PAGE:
Alexander Monro, tertius
Biography of Alexander Monro, tertius
Alexander Monro, tertius, was last in line of the famous Monro dynasty. He received his M.D. from Edinburgh in 1797, then studied in London under Wilson and in Paris, returned to Edinburgh in 1800, and in that year was appointed conjointly with his father. Because of his father's illness Alexander tertius gave the entire course beginning in 1808 and became sole professor in 1817. He retired from his chair in 1846.
Alexander tertius was an uninspired anatomist who did not rank with his father or grandfather as a teacher or scientist, choosing instead to make use of the notes handed down to him but adding little original work. None of the works of tertius were of lasting value. Charles Darwin is quoted as saying that he "made his lectures on human anatomy as dull as he was himself".
Alexander Monro, primus, 1698-1767.
Alexander Monro, secundus, 1733-1817.
- Observations on crural hernia. To which is prefixed an account of the other varieties of hernia. Edinburgh, 1803.
- The morbid anatomy of the human gullet, stomach and intestines. Edinburgh, 1811.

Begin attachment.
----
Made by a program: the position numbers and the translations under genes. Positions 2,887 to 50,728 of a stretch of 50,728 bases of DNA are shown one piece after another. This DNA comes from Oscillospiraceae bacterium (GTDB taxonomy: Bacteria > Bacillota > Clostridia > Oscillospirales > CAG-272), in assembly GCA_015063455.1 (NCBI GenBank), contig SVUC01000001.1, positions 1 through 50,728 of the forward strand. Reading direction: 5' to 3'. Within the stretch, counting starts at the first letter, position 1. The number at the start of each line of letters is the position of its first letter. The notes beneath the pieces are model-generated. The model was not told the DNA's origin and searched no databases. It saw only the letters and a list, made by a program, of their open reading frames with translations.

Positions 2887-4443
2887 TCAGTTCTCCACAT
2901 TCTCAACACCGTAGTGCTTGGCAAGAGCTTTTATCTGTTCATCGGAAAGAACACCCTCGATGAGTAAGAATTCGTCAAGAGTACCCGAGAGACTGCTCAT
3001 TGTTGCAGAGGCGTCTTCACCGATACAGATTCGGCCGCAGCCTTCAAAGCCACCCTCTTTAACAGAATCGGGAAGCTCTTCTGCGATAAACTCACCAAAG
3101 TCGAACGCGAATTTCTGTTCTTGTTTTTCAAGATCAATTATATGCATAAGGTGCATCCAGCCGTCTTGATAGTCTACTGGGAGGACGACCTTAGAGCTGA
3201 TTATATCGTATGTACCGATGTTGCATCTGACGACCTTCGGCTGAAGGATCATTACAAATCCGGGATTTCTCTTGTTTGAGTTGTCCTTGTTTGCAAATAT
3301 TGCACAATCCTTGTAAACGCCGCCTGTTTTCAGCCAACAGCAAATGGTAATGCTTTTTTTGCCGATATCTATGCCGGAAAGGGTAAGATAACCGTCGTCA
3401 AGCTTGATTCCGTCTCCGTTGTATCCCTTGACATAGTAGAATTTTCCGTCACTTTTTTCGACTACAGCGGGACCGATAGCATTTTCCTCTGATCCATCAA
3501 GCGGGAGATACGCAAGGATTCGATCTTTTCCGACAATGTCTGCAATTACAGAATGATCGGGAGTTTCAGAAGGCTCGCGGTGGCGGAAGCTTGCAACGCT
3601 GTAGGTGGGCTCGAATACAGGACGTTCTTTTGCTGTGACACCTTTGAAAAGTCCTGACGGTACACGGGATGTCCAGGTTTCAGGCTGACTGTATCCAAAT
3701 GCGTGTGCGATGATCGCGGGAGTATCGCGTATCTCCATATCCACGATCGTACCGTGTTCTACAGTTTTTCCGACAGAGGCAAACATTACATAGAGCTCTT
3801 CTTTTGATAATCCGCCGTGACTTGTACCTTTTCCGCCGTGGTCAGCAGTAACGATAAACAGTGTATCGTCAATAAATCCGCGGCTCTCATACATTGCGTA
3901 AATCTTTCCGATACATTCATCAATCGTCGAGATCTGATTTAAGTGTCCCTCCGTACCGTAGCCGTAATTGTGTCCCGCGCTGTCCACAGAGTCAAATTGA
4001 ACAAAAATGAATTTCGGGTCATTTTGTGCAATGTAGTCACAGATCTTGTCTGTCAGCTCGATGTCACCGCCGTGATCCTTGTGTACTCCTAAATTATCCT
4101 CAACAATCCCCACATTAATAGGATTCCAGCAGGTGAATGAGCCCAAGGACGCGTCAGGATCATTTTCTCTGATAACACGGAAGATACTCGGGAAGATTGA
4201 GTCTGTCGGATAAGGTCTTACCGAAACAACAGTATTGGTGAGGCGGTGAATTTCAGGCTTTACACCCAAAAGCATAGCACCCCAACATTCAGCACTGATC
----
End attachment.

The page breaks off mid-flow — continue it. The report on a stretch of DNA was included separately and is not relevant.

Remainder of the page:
- Outlines of the anatomy of the human body, in its sound and diseases state. Edinburgh, 1813.
- Observations on the thoracic duct. Edinburgh, 1814.
- Observations on the different kinds of small pox. Edinburgh 1818.
His monograph on smallpox offers a history of the disease, a summary of the state of its treatment at the time, and a discussion on the effectiveness of vaccination.
- The morbid anatomy of the brain. Volume I.
- Hydrocephalus. 1827.
- The anatomy of the brain, with some observations on its functions. 1831.
- The anatomy of the urinary bladder and perinaeum of the male. Edinburgh 1842.
A well-written anatomy of the male pelvic viscera, with five engravings taken from drawings made by E. Clarke, a pupil of Monro's. Monro tertius also published a work of his father’s posthumously:
- Essays and heads of lectures on anatomy, physiology, pathology and surgery. With a memoir of his life, etc. 1840.